Review – Pulling spirits from the air

2012-06-29 08:09

“There is nothing to understand. Even I don’t understand the show,” said director Philippe Pelen Baldini with a twinkle in his eye.

He was talking to the audience ahead of the opening performance of Théâtre Taliipot’s latest ritual immersion, !Aïa at the National Arts Festival in Grahamstown.

“Switch off your mind. It’s a spiritual journey. We love you.”

The real world is left behind the moment that Themba Mbuli – a cellphone glued to his ear, strung out and twitching to digital noise – strips off his black tracksuit and with it his modernity.

Painted in mud he joins Isaac Mahlodi Rakotsoane in a minimal, tranced-out, transsexual, twitching and often silly love song to the ancients.

Tapping into the near-extinct ritual, language and music of the San, they swim in a sea of myth and take the audience a hell of a way from shore.

Baldini’s Réunion partner Thierry Moucazambo joins the South African duo to demonstrate the basic magic of theatre and multi-disciplinary craftsmanship.

Like Khoisan Antony and the Johnsons they swirl falsetto voices, call the ancestors, emulate their animal guides, master traditional instruments, tell stories through pure physicality, and dance with twitching intensity.

They wrap themselves in towels and transform into spirits. They roll their eyes with a Spoek Mathambo hipness, and turn into tokoloshes.

“Do you remember? When we spoke to the trees, the stars, we called the rain?” asked Moucazambo, greying beard and atomic mushroom afro, in a white colonial suit that can read as a foil.

The work slips briefly into a European idiom, and the life drains from it. It traps itself, frantic and defeatist. Man has lost his connection to nature. Then it finds its way back again, through the placing of a stone on the head and a buck horn in the mouth.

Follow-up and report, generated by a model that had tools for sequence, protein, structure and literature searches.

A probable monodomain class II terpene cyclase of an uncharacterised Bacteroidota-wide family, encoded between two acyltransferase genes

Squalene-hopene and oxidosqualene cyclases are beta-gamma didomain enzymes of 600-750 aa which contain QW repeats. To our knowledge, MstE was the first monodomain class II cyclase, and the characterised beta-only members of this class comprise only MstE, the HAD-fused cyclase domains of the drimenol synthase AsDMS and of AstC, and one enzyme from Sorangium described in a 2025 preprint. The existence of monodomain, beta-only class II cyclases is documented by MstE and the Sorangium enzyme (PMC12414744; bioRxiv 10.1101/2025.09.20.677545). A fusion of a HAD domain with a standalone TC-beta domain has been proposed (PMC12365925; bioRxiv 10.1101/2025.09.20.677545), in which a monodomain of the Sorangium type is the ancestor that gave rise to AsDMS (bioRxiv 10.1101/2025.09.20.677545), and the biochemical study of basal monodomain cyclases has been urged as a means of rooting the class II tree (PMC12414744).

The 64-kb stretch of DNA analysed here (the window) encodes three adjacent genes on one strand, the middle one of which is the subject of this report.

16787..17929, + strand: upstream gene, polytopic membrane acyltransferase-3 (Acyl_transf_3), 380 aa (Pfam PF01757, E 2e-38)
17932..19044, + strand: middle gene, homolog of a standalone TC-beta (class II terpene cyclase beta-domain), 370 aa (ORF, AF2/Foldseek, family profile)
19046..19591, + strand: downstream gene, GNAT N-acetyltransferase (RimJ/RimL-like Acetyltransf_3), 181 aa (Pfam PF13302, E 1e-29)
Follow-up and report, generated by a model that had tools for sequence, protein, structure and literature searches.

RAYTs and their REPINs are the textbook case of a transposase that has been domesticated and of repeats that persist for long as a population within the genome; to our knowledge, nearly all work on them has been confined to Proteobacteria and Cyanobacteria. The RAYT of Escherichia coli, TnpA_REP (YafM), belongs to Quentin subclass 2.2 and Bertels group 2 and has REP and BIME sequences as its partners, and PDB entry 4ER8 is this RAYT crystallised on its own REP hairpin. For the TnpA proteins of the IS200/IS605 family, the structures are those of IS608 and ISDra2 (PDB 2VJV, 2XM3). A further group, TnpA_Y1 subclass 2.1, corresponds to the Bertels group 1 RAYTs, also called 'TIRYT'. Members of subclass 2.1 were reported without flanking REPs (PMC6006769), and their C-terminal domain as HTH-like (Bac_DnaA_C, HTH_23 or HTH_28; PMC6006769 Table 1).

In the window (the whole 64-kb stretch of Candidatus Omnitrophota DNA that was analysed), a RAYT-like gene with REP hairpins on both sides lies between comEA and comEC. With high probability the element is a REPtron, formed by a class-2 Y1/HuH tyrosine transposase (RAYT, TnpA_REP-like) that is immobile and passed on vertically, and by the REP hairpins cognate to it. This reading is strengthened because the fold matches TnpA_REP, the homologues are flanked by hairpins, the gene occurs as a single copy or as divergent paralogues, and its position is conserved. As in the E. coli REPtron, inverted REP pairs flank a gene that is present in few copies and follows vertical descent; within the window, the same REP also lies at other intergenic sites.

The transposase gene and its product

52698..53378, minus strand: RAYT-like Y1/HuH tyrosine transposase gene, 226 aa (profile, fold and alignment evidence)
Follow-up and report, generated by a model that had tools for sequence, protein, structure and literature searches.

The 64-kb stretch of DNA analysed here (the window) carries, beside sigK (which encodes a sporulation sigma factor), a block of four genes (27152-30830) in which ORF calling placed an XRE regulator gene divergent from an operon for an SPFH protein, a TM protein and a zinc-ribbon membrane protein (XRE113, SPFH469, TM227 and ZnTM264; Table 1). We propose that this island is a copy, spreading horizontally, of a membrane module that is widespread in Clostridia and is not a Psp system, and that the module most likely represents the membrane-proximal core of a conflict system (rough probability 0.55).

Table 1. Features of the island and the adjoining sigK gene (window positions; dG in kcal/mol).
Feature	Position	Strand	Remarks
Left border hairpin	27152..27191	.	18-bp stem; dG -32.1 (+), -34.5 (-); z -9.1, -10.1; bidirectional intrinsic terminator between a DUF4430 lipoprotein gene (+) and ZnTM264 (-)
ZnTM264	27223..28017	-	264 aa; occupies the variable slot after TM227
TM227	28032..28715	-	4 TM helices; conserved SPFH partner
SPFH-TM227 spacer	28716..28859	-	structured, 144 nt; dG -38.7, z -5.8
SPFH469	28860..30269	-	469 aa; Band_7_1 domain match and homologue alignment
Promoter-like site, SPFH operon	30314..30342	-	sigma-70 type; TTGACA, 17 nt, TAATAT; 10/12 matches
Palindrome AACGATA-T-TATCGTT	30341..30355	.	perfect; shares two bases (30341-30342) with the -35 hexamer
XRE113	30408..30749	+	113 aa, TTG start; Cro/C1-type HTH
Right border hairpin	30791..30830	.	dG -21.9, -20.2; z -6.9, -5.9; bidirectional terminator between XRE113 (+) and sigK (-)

The rich, absurd and compelling performance that is !Aïa is the result of an intensive research period spent by the cast and director with scientists, archaeologists and San tribesmen, learning healing dance, chanting and interpreting rock art, mostly at the Cradle of Humankind.

The investment has paid off.

You will be hard pressed to find more intense, committed and stretched performances in Grahamstown this year.

Rakotsoane, in particular, is a revelation, as is Phil Thurston’s sound design.

One of !Aïa’s more extraordinary achievements is that its meditation on nature plays off on a bare, white stage. It evokes natural order without showing any actual nature. What it says is that man is nature.

But we stopped seeing God in everything. We stopped talking to the trees and the rocks and we lost our way.

Strange behaviour is inverted. The man talking to the rock is natural in !Aïa. The man flouncing with Victorian affectation is the strange one.

!Aïa is theatre from nothing. Despite it being in entirely the wrong theatre space, sacrificing its intimacy, it still manages to pull spirits from the air and dazzle with the ability of the human body to make magic, just from the glee of being alive.

» !Aïa is at the Transnet Great Hall at 2pm and 6.30pm today
» Follow our coverage of the National Arts Festival:

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